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More distinct food intake patterns among women than men in northern Sweden: a population-based survey
Department of Clinical Nutrition, Sahlgrenska Academy, University of Gothenburg.
Umeå University, Faculty of Social Sciences, Department of Food and Nutrition.ORCID iD: 0000-0002-5464-5686
Umeå University, Faculty of Medicine, Department of Public Health and Clinical Medicine, Nutritional Research.ORCID iD: 0000-0001-9581-3845
Umeå University, Faculty of Medicine, Department of Public Health and Clinical Medicine, Occupational and Environmental Medicine.
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2009 (English)In: Nutrition Journal, ISSN 1475-2891, E-ISSN 1475-2891, Nutrition journal, Vol. 8, no 1, 1-9 p.Article in journal (Refereed) Published
Abstract [en]

BACKGROUND: The need to promote a healthy diet to curb the current obesity epidemic has today been recognized by most countries. A prerequisite for planning and evaluating interventions on dietary intake is the existence of valid information on long-term average dietary intake in a population. Few large, population-based studies of dietary intake have been carried out in Sweden. The largest to date is the Vasterbotten Intervention Program (VIP), which was initiated in 1985, with data collection still ongoing. This paper reports on the first comprehensive analyses of the dietary data and presents dietary intake patterns among over 60,000 women and men in northern Sweden during 1992-2005. METHODS: Between 1992 and 2005, 71,367 inhabitants in Vasterbotten county aged 30, 40, 50, and 60 years visited their local health care center as part of the VIP. Participants of VIP filled in an 84- or 64-item food frequency questionnaire (FFQ) and provided sociodemographic information. Complete and realistic information on consumption frequency was provided by 62,531 individuals. Food intake patterns were analyzed using K-means cluster analyses. RESULTS: The mean daily energy intake was 6,83 (+/-1,77) MJ among women and 8,71 (+/- 2,26) MJ among men. More than half of both women and men were classified as Low Energy Reporters (defined as individuals reporting a food intake level below the lower 95% confidence interval limit of the physical activity level). Larger variation in frequency of daily intake was seen among women than among men for most food groups. Among women, four dietary clusters were identified, labeled "Fruit and vegetables", "High fat", "Coffee and sandwich", and "Tea and ice cream". Among men, three dietary clusters were identified, labeled "Fruit and vegetables", "High fat", and "Tea, soda and cookies". CONCLUSION: More distinct food intake patterns were seen among women than men in this study in northern Sweden. Due to large proportions of Low Energy Reporters, our results on dietary intake may not be suitable for comparisons with recommended intake levels. However, the results on food intake patterns should still be valid and useful as a basis for targeting interventions to groups most in need.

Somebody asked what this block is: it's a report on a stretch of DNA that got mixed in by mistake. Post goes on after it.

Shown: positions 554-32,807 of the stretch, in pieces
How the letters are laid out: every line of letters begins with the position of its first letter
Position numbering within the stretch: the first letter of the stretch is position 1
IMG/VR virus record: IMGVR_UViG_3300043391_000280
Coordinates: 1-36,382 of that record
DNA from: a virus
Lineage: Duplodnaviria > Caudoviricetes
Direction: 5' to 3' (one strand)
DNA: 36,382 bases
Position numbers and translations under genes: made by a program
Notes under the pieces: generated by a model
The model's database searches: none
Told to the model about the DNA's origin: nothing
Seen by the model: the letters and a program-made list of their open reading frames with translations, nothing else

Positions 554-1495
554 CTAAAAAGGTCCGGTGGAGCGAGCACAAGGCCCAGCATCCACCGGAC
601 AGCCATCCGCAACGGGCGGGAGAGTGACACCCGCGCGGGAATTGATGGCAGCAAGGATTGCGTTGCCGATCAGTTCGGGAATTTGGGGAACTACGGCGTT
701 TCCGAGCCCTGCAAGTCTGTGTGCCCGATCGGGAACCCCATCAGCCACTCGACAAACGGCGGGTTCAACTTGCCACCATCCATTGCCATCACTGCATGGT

Place, publisher, year, edition, pages
2009. Vol. 8, no 1, 1-9 p.
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Environmental Health and Occupational Health
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URN: urn:nbn:se:umu:diva-18944DOI: 10.1186/1475-2891-8-12PubMedID: 19228378OAI: oai:DiVA.org:umu-18944DiVA: diva2:200881
Available from: 2009-03-01 Created: 2009-03-01 Last updated: 2017-12-13Bibliographically approved

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Hörnell, AgnetaHallmans, GöranLindahl, BerntWeinehall, LarsJohansson, Ingegerd
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